A large percentage of Dentists follow a traditional career path and join or open a private practice. Working in a group or solo practice is a great career choice. It allows you to gain experience and develop your skills, but working in private practice is not the only way to go. There are also additional career options for dentists, which you may not have considered. Whether you’re a new graduate just considering options or are an experienced dentist interested in something new, consider some of the non-traditional practice settings listed below.
Public Health Dentistry: If you want to reach a large number of people, one interesting path some dentists take is working in Public Health. County, state, and federal agencies, such as the United States Department of Health and Human Services, may hire dentists to work in public health.
The type of work public health dentists do may vary, based on the agency for which they work. Typical responsibilities may include developing Dental health policies for different populations and conducting dental health surveillance programs. Some public health dentists provide services, such as dental education, to underserved populations. Dentists interested in public health dentistry may want to consider a public health dental residency or fellowship. Although not mandatory, dual degree programs are also available, which combine a master’s degree in public health with a dental degree.
Dental Research: Experienced dentists who are looking for a new challenge may want to consider working in research. Dental research offers opportunities for dentists to be involved in various types of procedures and technology that impacts a large patient population. For example, researchers may be involved in developing new ways to improve patient care through the use of lasers or other technology. Dental researchers may find employment opportunities at universities and organizations, such as The National Institute of Dental and Craniofacial Research.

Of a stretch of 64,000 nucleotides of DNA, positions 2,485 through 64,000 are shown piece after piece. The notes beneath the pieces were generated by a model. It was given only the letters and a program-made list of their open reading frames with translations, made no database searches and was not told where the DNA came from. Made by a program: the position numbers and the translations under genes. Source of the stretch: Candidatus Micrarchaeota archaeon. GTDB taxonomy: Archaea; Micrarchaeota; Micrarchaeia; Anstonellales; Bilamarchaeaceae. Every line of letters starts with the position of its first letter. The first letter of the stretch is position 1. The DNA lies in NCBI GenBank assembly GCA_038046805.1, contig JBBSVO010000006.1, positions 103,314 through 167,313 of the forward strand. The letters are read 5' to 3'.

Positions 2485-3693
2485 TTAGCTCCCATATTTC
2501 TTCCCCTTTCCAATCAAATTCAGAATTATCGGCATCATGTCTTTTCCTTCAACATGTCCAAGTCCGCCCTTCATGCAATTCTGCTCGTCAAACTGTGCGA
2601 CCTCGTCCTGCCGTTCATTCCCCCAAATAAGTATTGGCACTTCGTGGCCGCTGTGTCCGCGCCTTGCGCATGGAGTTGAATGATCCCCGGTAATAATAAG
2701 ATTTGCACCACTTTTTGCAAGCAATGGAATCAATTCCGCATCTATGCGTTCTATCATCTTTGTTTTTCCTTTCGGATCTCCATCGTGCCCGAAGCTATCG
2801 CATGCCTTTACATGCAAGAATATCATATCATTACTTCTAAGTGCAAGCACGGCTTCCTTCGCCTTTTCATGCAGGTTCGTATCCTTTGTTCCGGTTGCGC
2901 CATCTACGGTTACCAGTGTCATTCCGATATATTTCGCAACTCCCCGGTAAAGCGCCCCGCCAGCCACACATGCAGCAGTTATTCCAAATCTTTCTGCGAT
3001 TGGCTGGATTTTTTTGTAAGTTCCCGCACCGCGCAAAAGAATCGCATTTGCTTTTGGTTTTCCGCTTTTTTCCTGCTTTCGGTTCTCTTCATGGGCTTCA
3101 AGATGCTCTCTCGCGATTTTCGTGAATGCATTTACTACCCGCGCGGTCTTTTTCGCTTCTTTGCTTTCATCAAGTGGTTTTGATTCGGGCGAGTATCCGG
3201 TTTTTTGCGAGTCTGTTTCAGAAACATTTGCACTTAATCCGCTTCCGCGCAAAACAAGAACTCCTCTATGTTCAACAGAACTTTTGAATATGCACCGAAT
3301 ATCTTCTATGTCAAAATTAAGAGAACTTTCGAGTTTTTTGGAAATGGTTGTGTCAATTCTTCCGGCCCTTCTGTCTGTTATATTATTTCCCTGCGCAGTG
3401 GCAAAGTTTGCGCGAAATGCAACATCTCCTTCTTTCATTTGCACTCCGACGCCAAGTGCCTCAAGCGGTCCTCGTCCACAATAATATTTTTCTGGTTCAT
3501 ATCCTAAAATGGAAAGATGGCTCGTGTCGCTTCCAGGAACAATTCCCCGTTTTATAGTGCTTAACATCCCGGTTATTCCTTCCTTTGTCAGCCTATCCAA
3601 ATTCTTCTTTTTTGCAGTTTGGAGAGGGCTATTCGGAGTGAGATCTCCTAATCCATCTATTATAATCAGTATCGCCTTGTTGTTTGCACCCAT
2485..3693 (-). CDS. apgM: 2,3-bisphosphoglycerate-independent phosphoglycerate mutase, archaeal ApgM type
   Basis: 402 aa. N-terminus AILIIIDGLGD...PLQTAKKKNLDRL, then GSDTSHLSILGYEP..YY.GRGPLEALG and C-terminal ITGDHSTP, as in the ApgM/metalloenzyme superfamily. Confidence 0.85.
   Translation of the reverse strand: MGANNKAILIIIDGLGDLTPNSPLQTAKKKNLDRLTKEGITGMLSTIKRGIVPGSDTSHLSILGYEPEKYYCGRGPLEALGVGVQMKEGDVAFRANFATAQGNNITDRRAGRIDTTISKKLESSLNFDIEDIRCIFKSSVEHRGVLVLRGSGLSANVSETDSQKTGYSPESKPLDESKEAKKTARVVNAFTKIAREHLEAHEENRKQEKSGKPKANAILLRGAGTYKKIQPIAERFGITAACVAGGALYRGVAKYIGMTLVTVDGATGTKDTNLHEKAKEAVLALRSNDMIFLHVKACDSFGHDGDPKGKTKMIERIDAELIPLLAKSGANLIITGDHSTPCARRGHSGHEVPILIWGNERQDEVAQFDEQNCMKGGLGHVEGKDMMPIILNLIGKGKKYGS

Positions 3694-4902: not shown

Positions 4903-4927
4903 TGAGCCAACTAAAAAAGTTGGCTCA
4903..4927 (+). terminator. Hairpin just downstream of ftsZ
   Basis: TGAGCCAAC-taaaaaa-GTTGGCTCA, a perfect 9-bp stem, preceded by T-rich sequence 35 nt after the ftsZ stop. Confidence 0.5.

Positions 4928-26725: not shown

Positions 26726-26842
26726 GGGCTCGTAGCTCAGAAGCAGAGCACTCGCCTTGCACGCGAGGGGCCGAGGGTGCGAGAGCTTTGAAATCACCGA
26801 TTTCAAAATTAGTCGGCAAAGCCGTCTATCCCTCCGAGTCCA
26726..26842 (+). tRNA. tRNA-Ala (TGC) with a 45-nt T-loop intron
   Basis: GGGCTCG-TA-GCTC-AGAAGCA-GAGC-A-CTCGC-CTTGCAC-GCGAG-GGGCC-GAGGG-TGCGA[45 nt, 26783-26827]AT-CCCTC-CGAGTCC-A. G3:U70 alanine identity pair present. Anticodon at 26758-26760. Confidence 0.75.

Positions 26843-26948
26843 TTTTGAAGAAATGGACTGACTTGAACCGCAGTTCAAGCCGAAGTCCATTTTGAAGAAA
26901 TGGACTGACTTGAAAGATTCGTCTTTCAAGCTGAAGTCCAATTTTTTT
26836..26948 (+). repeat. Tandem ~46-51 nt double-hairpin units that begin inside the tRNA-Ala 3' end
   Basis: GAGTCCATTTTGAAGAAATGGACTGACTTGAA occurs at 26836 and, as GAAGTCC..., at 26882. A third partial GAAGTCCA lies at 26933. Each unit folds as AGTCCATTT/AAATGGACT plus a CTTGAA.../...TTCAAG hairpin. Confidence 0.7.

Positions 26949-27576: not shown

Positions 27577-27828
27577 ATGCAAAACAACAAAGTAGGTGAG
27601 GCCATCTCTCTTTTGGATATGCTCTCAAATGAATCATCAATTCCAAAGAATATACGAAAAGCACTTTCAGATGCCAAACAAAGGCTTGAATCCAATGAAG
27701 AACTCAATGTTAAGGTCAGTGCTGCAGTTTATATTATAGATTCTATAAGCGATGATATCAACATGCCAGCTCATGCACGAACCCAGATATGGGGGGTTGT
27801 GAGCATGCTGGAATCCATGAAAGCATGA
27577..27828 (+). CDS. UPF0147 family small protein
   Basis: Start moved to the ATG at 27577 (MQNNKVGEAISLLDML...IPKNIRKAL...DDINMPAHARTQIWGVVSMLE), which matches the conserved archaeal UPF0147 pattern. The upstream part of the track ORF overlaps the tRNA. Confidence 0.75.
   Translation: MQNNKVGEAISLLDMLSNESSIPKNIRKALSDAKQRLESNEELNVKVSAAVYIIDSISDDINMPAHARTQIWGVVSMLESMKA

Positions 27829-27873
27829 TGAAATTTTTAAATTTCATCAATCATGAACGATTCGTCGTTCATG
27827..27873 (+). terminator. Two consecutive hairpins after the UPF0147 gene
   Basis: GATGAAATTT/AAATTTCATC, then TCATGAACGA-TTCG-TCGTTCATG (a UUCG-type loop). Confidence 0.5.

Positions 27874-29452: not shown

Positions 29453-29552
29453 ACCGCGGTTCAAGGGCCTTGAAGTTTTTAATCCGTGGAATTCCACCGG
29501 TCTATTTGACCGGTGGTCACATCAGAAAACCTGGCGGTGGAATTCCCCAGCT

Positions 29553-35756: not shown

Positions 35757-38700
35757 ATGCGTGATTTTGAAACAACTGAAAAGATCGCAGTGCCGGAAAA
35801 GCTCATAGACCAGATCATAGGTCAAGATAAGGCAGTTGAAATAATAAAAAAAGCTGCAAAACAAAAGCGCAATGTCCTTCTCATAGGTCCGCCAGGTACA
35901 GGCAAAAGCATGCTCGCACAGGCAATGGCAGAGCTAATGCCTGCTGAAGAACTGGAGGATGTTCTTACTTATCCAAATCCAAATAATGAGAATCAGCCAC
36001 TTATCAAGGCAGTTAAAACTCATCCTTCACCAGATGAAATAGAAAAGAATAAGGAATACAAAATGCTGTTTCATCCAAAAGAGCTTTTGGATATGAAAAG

Dental Clinics: One unique opportunity for dentists is working in mobile clinics and community outreach programs. These dentists may be employed through government programs and non-profit agencies.
Dentists who choose this path may work with underserved populations, such as low-income patients, homeless individuals, or children. The types of responsibilities are similar to a dentist in private practice, including treating gum disease, repairing damaged teeth, and providing preventative care. Dentists who enjoy patient care but do not want the administrative responsibilities of being part of a practice may enjoy working in a dental clinic.
Academia: Working in academics allows dentists to combine patient care, research, and teaching into one job. Dentists who are employed as faculty members at dental schools have a chance to shape future generations of dental professionals. Since there are only so many dental schools throughout the country, there may not be a large number of opportunities in academia. Generally speaking, part-time faculty positions may be easier to find.
Hospital Dentistry: Although dentists most commonly work in solo or group practices, they are also needed in hospitals. Hospital dentistry involves providing dental care to hospitalized patients. In many instances, it involves emergency care to people who have medical conditions or physical limitations that prevent them from going to a dental office. Hospital dentists may have a wide variety of responsibilities, such as providing dental clearances for patients who need head and neck radiation, chemotherapy, or transplant surgery. They also provide dental consults for patients in the emergency room who have dental trauma. Hospital dentists also may go to the operation room to perform dental procedures on special needs children. Internships and residencies are available in hospital dentistry. As part of the training, hospital dentists learn how to provide dental care to medically compromised patients.